Corrosion Control In Oil And Gas Pipelines

By Ben H. Thacker, Glenn M. Light, James F. Dante, Elizabeth Trillo, Fengmei Song, Carl F. Popelar, Kent E. Coulter and Richard A. Page, Southwest Research Institute® San Antonio, TX | March 2010 Vol. 237 No. 3

SwRI has also developed a guided-wave inspection technology that can be used to inspect pipelines and other structural components such as tubes, rods, cables and plates. The Magnetostrictive Sensor (MsS) inspection system uses inexpensive ribbon cables and thin magnetostrictive strips that are bonded to the component for inspection. The sensors attached to the pipe can accommodate a range of pipeline diameters, which is a significant advantage of guided-wave inspection systems that use an array of piezoelectric sensors. Because the sensors are low profile and relatively low cost, permanent installation of the sensors to perform structural health monitoring is a practical option.

Corrosion Fatigue
Corrosion can degrade the mechanical integrity of a material through chemical attack. For example, the presence of hydrogen sulfide (H2S) has been found to reduce the fatigue life of offshore riser materials by approximately a factor of 10, and in the presence of a notch (that acts as an initiation point for corrosion fatigue) the fatigue performance can be decreased by a factor of 100. SwRI has developed customized test facilities for characterizing the performance of pipeline materials in corrosive environments. Figure 3a shows a servohydraulic load frame setup with a custom-designed test cell and redundant H2S containment systems. Full-thickness fatigue specimens (Figure 3b) are machined from riser pipes to preserve through-thickness residual stresses and to capture welds in joined pipe.

SwRI recently developed a high pressure, high temperature (HPHT) corrosion fatigue test facility. In this facility the underlying fatigue crack growth behavior of riser materials subject to HPHT H2S (and other aggressive) environments can be quantified (Figure 3c). This unique test facility provides the capability to quantify inter-related corrosion-fatigue mechanisms, and provide data for calibrating and validating corrosion-fatigue computer models.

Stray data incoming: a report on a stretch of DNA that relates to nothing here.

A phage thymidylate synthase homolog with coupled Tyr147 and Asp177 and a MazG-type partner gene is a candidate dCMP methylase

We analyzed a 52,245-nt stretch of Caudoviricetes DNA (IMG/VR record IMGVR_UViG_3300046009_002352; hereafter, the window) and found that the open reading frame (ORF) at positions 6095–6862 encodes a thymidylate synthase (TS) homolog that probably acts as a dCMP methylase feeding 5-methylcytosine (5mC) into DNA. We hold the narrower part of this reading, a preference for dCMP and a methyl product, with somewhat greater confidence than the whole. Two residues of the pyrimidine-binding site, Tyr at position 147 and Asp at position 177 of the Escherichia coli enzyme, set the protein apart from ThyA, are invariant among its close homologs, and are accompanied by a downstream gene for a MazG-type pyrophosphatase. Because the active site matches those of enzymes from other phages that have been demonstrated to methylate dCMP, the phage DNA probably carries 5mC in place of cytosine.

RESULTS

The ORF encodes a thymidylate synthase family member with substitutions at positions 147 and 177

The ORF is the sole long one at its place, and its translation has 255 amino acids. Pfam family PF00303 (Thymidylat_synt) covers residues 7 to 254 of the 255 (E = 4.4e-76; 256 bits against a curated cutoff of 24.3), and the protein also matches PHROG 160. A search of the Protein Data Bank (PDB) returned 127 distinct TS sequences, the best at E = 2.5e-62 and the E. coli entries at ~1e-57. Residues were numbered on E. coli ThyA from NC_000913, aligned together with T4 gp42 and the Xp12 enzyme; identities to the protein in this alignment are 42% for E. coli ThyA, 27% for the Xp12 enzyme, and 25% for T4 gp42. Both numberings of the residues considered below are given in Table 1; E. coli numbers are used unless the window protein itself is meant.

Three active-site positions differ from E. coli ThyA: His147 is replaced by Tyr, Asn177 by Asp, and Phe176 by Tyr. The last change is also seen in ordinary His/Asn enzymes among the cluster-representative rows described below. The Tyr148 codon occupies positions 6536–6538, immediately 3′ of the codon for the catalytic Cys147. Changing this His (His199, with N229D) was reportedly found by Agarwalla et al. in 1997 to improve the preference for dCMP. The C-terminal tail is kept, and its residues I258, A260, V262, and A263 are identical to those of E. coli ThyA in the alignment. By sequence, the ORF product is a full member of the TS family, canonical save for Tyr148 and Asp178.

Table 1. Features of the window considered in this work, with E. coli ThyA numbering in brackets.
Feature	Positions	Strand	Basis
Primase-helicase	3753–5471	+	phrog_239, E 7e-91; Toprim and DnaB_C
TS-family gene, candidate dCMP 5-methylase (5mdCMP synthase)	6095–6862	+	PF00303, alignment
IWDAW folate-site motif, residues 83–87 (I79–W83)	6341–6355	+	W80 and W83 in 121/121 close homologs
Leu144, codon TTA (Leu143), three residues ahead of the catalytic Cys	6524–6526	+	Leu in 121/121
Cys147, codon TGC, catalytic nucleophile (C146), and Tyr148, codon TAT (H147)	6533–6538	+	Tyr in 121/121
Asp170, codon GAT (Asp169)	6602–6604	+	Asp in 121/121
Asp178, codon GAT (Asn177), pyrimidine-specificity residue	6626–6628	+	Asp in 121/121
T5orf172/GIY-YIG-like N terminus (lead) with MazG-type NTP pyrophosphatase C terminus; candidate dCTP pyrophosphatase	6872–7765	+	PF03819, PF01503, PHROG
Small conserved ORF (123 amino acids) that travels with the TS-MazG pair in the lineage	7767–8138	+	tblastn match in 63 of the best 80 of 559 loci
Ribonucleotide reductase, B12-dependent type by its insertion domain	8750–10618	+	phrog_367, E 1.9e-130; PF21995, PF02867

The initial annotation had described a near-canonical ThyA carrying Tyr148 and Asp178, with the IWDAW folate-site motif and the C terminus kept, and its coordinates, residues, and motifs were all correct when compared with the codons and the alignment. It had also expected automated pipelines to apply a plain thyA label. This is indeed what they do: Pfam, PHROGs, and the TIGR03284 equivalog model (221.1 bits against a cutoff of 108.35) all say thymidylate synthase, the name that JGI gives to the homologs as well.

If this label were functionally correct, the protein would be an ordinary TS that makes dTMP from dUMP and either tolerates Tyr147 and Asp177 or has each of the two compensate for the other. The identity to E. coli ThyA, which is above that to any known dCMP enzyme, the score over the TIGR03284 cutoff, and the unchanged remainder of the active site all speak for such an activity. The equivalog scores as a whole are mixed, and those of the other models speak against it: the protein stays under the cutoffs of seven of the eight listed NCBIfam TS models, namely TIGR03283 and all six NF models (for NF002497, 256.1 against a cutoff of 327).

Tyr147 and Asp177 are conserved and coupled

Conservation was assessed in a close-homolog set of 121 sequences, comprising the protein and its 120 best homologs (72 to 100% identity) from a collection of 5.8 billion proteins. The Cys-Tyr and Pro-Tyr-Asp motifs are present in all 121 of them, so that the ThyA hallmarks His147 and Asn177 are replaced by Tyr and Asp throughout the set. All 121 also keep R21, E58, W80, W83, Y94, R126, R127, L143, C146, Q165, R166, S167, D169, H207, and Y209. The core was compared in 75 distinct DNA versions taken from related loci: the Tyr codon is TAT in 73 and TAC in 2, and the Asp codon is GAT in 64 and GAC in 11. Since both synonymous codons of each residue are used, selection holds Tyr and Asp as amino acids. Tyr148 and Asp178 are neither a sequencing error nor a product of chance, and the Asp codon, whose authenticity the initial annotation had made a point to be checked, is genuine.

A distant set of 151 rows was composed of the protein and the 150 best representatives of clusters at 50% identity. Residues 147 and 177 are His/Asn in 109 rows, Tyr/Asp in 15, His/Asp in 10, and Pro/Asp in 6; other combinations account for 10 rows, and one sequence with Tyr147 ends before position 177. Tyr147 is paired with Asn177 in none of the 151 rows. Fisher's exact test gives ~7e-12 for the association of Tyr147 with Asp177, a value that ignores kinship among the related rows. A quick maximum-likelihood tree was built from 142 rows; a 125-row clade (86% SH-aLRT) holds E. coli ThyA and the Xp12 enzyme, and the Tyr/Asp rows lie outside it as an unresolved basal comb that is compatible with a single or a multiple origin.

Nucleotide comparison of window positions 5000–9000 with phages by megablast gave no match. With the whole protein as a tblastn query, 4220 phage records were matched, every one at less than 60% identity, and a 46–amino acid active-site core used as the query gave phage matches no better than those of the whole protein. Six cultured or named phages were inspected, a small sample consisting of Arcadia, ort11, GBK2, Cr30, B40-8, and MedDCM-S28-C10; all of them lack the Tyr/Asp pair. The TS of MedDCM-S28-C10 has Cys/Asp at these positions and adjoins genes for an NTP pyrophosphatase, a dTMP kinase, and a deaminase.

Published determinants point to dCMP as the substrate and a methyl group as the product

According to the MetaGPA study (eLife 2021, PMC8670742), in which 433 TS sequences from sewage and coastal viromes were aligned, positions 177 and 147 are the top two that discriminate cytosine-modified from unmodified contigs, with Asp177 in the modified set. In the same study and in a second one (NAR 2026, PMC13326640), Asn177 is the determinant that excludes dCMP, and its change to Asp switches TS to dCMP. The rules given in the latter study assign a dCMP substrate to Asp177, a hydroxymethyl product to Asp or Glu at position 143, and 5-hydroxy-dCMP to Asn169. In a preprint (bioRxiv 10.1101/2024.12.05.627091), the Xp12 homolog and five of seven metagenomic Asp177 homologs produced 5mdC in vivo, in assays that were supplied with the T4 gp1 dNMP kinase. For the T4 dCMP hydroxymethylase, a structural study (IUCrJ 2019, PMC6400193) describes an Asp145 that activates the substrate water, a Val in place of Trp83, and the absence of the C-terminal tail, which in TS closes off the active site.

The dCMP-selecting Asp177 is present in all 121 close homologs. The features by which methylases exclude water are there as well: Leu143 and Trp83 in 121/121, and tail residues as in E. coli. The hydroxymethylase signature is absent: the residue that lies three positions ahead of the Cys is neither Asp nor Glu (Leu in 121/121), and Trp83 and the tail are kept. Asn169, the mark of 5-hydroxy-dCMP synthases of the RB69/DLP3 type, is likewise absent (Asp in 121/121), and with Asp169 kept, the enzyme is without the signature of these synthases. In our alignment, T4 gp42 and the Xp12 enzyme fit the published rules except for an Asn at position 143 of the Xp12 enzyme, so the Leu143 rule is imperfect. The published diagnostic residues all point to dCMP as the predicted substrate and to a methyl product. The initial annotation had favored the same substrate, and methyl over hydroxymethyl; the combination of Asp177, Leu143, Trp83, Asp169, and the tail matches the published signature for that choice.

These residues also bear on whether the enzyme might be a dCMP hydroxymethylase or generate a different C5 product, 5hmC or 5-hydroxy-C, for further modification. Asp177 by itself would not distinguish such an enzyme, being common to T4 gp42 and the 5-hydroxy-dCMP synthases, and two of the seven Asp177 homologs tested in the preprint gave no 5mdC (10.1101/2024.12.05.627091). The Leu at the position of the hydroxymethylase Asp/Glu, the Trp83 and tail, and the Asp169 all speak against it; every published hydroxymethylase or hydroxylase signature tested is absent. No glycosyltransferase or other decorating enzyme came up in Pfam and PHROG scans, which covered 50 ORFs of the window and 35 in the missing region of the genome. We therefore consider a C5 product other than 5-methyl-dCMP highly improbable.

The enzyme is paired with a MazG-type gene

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Figure 3: a) Servohydraulic load frame with H2S corrosion fatigue test; b) One-meter-long specimen; c) high-pressure high-temperature corrosion fatigue test.

Corrosion Exposure Testing
As new materials are developed and environmental conditions change, assessing material performance due to corrosion and stress corrosion cracking is of increasing importance. SwRI has a well-established corrosion testing facility to perform HPHT testing in extremely aggressive environments. In most cases, the testing environment consists of a simulated process or reasonable worst-case scenario. These include determining the effects of H2S, CO2, oxygen, and microbiological organisms on corrosion/cracking of pipeline materials. Testing conforms to NACE, ASTM, API, or ISO standards and test materials are analyzed for mass loss, localized corrosion or stress corrosion cracking (SSC)/sulfide stress cracking (SSC).

SwRI staffers are highly experienced in designing, constructing and operating specialty tests to mimic a specific operation that does not conform to standardized methods. One such capability is performing the environmental exposure on the API 16C – Flexible Choke and Kill Systems, which evaluates the effects of gas permeation, gas decompression and test fluid exposure at the rated temperature (Figure 4).

Figure 4: Photograph of the API 16C – Flexible Choke and Kill line testing.